Have Gun Control Laws Ever Reduced Gun Ownership?

Last Updated on February 9, 2024.
Have Gun Control Laws Ever Reduced Gun Ownership

If you’ve ever wondered if state and federal gun control laws directly affect gun ownership in the United States, the short answer would be yes. The slightly longer answer would be… It’s complicated. 

President Bill Clinton signed the Federal Assault Weapons Ban or FAWB in 1994, and the gun world has never looked the same

There were clues before that, however, that attitudes toward guns were turning and that gun sales were on the decline. This held true until 2020, when the pandemic caused a massive spike in sales.

Gun Ownership in the U.S. 

Based on the Constitution’s Second Amendment, Americans have a right to bear arms, but the government still wants to regulate those arms. 

Over the years, many laws have been enacted that regulate the sale, use, and control of firearms in the United States. Fundamentally, other than the more extensive federal bans like the one passed in 1994, each state creates its own gun laws, so some are laxer while others are stricter. 

From polls taken in the 1950s, it is clear that America has always been fond of its guns. A survey taken in 1959 shows that 49% of respondents had a firearm in their homes. 

But over the years, there’s some cross-sectional information for analysis. The National Rifle Association or NRA surveyed six states with the strictest gun laws in 1986, and they found that the suicide rate in these states was much lower than in states with more lax gun control laws.

Laws and Bans Over the Years

The National Firearms Act of 1934 began regulating firearms in the United States, putting restrictions on rifles, shotguns, machine guns, and mufflers. The 1968 Gun Control Act governs firearms’ trade and sale across the state and country borders.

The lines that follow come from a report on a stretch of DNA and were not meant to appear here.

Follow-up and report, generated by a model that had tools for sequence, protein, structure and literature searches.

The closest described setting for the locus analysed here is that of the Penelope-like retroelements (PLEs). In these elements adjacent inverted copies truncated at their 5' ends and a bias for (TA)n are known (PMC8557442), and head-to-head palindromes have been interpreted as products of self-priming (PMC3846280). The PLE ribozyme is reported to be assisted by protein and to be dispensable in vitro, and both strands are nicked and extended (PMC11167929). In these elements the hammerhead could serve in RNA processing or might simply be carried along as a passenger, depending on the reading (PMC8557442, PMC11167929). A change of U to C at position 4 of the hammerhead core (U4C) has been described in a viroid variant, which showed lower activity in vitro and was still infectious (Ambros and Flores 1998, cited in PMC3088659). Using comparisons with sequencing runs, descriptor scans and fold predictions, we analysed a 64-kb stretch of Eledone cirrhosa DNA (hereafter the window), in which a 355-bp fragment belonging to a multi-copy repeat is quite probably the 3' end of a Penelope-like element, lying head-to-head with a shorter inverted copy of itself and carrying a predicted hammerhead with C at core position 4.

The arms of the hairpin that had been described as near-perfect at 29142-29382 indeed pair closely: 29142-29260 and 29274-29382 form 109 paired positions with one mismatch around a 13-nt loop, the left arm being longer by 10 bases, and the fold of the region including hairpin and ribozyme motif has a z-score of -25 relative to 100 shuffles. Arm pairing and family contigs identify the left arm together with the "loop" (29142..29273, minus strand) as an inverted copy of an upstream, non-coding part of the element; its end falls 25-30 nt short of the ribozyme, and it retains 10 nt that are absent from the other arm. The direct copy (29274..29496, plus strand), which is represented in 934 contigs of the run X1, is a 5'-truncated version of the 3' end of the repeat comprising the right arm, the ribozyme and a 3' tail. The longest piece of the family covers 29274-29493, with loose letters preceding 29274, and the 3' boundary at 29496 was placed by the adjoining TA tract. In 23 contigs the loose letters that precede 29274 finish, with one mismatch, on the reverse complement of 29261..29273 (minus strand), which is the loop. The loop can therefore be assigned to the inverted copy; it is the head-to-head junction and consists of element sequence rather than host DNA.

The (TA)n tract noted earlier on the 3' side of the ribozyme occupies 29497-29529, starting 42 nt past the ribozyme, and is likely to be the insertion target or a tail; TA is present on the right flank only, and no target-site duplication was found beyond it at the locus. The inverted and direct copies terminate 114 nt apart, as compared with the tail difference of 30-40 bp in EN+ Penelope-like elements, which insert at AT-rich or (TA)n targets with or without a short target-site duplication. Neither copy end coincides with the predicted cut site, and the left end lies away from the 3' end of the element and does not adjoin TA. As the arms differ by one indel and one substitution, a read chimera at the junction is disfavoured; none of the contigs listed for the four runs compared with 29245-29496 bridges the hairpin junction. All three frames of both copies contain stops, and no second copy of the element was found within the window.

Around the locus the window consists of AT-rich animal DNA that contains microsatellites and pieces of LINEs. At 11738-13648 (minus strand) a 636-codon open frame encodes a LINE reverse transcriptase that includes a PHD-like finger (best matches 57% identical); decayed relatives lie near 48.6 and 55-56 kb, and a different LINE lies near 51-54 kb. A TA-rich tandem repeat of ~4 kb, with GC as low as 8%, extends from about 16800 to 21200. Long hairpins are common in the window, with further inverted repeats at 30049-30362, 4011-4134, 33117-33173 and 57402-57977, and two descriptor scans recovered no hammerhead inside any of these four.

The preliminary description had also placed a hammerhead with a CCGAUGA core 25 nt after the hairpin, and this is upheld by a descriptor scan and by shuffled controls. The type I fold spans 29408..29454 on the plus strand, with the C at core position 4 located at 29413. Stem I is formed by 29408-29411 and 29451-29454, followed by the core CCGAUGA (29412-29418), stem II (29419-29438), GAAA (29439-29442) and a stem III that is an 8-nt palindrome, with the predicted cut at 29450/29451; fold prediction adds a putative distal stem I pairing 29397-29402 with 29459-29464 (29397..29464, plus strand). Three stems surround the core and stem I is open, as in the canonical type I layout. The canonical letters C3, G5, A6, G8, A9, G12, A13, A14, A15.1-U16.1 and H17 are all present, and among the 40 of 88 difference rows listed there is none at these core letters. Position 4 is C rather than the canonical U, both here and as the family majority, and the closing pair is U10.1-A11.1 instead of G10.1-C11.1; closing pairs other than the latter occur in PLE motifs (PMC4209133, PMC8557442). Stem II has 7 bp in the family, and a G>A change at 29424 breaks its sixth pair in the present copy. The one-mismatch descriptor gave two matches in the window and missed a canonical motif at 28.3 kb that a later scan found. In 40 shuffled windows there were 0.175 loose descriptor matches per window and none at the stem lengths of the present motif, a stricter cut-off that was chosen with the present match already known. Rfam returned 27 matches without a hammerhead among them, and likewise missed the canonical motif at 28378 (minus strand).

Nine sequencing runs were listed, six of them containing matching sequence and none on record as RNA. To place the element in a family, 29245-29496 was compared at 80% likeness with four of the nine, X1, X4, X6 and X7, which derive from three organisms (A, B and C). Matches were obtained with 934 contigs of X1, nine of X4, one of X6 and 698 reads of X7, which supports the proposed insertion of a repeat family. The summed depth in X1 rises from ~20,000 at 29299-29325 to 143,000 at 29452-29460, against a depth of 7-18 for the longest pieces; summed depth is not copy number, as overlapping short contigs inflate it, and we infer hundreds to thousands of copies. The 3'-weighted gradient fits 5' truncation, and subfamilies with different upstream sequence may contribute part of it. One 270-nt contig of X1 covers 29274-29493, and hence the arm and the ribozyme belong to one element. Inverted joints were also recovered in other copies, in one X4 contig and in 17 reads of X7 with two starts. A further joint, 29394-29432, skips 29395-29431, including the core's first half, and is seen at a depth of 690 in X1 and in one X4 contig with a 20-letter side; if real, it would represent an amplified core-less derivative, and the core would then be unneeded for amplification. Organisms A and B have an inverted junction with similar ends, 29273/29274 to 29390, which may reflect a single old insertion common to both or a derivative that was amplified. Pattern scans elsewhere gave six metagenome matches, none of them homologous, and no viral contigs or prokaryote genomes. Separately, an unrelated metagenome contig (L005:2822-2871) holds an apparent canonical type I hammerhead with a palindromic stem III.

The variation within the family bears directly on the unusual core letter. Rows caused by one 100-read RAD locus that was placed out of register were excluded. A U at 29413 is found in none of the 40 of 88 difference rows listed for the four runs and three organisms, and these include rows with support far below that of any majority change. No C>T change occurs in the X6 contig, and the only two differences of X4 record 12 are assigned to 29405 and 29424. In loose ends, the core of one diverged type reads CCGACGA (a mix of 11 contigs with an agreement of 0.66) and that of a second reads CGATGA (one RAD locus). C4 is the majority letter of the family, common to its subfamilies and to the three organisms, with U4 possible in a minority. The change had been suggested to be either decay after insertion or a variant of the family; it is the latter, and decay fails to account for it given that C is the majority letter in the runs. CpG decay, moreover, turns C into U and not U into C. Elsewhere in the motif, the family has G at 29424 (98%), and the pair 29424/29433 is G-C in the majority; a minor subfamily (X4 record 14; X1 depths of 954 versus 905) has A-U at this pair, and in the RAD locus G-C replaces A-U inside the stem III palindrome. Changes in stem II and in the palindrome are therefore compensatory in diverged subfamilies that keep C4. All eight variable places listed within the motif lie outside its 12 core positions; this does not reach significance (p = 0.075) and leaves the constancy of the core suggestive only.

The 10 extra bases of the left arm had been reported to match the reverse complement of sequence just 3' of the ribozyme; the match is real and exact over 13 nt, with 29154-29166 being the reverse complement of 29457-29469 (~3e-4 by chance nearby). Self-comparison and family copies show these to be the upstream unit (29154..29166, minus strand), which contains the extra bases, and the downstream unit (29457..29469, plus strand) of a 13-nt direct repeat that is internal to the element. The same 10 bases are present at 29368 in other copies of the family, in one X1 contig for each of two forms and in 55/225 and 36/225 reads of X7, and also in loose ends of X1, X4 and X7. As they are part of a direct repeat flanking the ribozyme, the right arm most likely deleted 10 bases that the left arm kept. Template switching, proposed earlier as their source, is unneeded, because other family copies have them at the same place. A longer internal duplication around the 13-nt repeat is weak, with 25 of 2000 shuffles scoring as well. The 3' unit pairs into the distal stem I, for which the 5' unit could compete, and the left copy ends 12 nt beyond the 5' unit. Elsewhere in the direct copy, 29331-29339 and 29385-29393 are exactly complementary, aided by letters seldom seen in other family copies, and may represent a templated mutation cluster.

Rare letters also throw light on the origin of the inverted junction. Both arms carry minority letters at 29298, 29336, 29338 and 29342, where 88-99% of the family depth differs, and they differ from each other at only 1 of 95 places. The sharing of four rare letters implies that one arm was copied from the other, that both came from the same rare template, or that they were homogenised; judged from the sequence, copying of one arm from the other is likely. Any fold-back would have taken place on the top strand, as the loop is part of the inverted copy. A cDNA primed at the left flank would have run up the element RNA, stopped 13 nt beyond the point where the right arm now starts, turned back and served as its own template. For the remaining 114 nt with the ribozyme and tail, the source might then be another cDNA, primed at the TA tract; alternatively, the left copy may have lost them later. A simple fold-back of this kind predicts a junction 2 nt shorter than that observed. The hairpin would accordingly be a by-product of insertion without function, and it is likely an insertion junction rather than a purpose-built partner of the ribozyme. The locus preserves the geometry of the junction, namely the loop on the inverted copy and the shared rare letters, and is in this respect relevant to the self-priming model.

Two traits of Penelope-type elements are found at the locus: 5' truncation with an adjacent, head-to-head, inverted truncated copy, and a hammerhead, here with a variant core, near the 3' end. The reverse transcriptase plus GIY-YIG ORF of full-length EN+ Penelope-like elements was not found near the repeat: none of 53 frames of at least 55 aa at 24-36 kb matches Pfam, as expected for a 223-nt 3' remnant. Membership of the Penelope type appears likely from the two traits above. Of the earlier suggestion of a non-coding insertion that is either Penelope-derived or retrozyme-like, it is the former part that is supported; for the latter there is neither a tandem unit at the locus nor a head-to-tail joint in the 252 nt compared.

An amendment to this Act called the Brady Handgun Violence Prevention Act of 1993 required all holders of Federal Firearms Licenses to undergo a background check to look for any criminal behavior, hospitalizations, or any other red flags for gun ownership.

Gun sales held firm if declining slightly until the middle of the 1990s, two years after Clinton signed the Federal Assault Weapons Ban or FAWB in 1994. The ban prohibited any weapons with these features:

  • Pistol grip
  • Grenade launcher
  • Bayonet mount
  • Telescopic or folding stock
  • Flash hider or threaded barrel for a flash hider

The FAWB also affected automatic handguns in that those that were semi-automatic with detachable magazines and two features on this list:

  • Threaded barrel
  • Barrel shroud
  • Weighs 50 oz. or more empty
  • Magazine attached outside the grip
  • Semi-automatic versions of fully automatic models

Additionally, any semi-automatic shotguns that had two or more of these features were also considered an assault weapon and banned under the FAWB:

  • Detachable magazine
  • Folding or telescopic stock
  • Pistol grip

Lastly, many people think that the FAWB only affected the AR-15s, but a handful of other models were banned as well. As this ban and all its ramifications came to fruition, the U.S.’s stance towards guns began to change.